The Norfolk and Norwich Christian community website

Catherine Relf-PenningtonVicar
Bishop, judge and paper urge Norfolk church to resolve row 

A Bishop, a retired High Court judge and now a local newspaper have urged a Norfolk church community to work together in reconciliation to resolve their differences. Keith Morris reports.

A long-running dispute between church members and the Rev Catherine Relf-Pennington, vicar at Wymondham Abbey, which was the subject of an investigation by a retired High Court judge last year, has now been reported on by the EDP.
Of 19 allegations investigated by the Diocese of Norwich including bullying, 13 were made by members of the choir and all have been strongly denied by Rev Relf-Pennington, the abbey’s first female vicar, and church wardens.
In November last year, former High Court judge Sir Mark Hedley wrote a report into the complaints for the Church of England's Clergy Discipline Commission. He described "fear, resentment and unhappiness" at the abbey and condemns the ongoing dispute as a "disgrace to the Christian community". He called on both sides to reconcile their differences.
The message was echoed by the Rt Rev Graham Usher, Bishop of Norwich, who said: "The Church of England takes complaints about its clergy very seriously and seeks where possible to find ways in which a community and its priest can come together and move forward.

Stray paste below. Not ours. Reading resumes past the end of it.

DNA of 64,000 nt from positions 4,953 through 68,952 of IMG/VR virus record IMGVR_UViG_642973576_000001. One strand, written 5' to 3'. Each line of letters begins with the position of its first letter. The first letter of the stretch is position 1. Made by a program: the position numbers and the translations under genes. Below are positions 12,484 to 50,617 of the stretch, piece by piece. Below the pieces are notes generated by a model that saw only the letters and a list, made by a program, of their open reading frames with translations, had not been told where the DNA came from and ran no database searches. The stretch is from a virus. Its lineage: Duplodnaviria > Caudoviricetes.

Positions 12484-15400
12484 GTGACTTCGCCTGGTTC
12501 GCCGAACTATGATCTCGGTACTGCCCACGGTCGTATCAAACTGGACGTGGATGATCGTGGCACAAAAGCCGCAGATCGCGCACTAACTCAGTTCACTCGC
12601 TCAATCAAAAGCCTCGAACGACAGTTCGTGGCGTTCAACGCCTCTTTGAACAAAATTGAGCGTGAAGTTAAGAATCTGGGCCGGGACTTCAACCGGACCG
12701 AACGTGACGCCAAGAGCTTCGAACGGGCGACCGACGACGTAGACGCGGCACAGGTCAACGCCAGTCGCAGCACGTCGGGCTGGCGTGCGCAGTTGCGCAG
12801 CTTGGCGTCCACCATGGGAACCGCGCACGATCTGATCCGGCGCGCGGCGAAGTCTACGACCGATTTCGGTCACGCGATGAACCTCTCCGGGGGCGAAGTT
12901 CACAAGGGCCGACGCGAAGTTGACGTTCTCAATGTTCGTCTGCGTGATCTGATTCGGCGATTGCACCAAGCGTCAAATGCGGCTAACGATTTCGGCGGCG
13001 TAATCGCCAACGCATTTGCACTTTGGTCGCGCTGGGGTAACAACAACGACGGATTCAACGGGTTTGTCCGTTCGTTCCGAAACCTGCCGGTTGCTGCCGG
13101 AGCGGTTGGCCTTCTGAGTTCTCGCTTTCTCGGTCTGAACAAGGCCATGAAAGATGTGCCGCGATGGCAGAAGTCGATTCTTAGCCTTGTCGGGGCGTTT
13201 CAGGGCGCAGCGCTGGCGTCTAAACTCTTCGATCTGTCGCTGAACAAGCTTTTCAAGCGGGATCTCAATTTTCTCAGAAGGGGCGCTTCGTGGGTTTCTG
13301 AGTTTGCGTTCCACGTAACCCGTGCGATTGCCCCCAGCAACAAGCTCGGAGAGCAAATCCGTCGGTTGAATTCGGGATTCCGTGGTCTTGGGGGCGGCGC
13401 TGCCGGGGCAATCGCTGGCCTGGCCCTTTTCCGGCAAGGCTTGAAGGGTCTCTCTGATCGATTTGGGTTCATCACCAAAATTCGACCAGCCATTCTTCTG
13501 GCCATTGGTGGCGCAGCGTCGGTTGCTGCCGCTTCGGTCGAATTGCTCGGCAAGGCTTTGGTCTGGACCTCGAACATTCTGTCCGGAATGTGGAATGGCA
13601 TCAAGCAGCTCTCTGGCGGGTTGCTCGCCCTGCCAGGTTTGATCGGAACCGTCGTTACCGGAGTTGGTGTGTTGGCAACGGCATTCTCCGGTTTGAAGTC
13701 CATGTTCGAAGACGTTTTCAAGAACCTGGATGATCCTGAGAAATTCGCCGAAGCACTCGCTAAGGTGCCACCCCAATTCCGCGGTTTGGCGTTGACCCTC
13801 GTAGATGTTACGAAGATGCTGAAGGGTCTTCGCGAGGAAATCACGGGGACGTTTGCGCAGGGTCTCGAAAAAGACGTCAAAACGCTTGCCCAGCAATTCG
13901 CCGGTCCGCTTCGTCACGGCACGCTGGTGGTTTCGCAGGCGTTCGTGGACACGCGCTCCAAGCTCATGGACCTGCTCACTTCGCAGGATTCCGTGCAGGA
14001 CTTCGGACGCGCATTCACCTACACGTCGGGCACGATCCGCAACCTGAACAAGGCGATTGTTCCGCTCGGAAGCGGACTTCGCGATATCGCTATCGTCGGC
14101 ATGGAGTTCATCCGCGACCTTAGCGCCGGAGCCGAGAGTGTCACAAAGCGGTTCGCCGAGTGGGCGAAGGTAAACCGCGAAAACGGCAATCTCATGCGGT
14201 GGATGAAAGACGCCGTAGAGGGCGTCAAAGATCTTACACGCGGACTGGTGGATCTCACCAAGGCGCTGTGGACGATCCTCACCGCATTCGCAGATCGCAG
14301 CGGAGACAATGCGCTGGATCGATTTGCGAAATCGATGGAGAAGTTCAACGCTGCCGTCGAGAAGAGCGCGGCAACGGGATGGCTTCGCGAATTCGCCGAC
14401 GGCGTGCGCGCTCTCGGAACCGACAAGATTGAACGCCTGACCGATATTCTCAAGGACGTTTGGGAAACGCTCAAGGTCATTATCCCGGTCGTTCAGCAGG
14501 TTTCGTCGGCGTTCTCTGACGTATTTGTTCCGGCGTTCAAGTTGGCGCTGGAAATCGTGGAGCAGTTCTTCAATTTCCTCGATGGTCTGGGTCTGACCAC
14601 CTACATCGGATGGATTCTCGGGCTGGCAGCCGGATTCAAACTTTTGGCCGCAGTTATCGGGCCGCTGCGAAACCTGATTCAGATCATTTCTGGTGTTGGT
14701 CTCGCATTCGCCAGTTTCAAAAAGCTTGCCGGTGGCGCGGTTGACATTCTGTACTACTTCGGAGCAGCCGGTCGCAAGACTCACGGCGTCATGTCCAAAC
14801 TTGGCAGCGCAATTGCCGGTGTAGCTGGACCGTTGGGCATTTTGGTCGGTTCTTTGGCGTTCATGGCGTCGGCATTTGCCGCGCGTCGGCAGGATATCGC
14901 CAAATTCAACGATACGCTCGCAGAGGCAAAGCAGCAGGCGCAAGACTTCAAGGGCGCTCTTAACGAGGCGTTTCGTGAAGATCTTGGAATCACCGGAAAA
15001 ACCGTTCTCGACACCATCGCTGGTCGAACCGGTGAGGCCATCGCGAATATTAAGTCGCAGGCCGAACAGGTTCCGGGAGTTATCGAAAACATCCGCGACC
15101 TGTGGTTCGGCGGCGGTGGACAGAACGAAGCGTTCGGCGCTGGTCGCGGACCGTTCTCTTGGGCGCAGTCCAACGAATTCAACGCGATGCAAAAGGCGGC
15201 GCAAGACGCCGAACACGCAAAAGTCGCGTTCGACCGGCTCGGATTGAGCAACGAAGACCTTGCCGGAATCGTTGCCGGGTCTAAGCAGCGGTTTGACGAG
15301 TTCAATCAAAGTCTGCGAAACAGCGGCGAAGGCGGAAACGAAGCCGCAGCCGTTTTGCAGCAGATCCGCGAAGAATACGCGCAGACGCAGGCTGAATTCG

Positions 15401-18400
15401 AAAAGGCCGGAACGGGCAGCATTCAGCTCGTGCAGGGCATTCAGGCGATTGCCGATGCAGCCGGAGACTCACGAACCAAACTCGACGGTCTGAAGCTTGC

"I urge all involved at Wymondham Abbey to find ways to demonstrate the love and grace of Christ to one another and to work together in healing hurts and divisions."
And today the EDP, which has reported extensively on the row, said in its leader column: “One does not have to thumb through too many pages of the Bible to find messages about forgiveness, patience and turning the other cheek. The time has now come for people within the Abbey community – on both sides – to let bygones be bygones and start acting more like a community.
“So many people have relied on the Abbey and the Church in general over the years to provide their faith, sense of goodwill and community values. For this to be undermined by persistent pettiness – from all parties involved – does the exact opposite of what the religion has always set out to do. Time to let this squabble die.”

Read more on EDP24
Pictured above is Wymondham Abbey vicar, Rev Catherine Relf-Pennington. Picture by Wymondham Abbey

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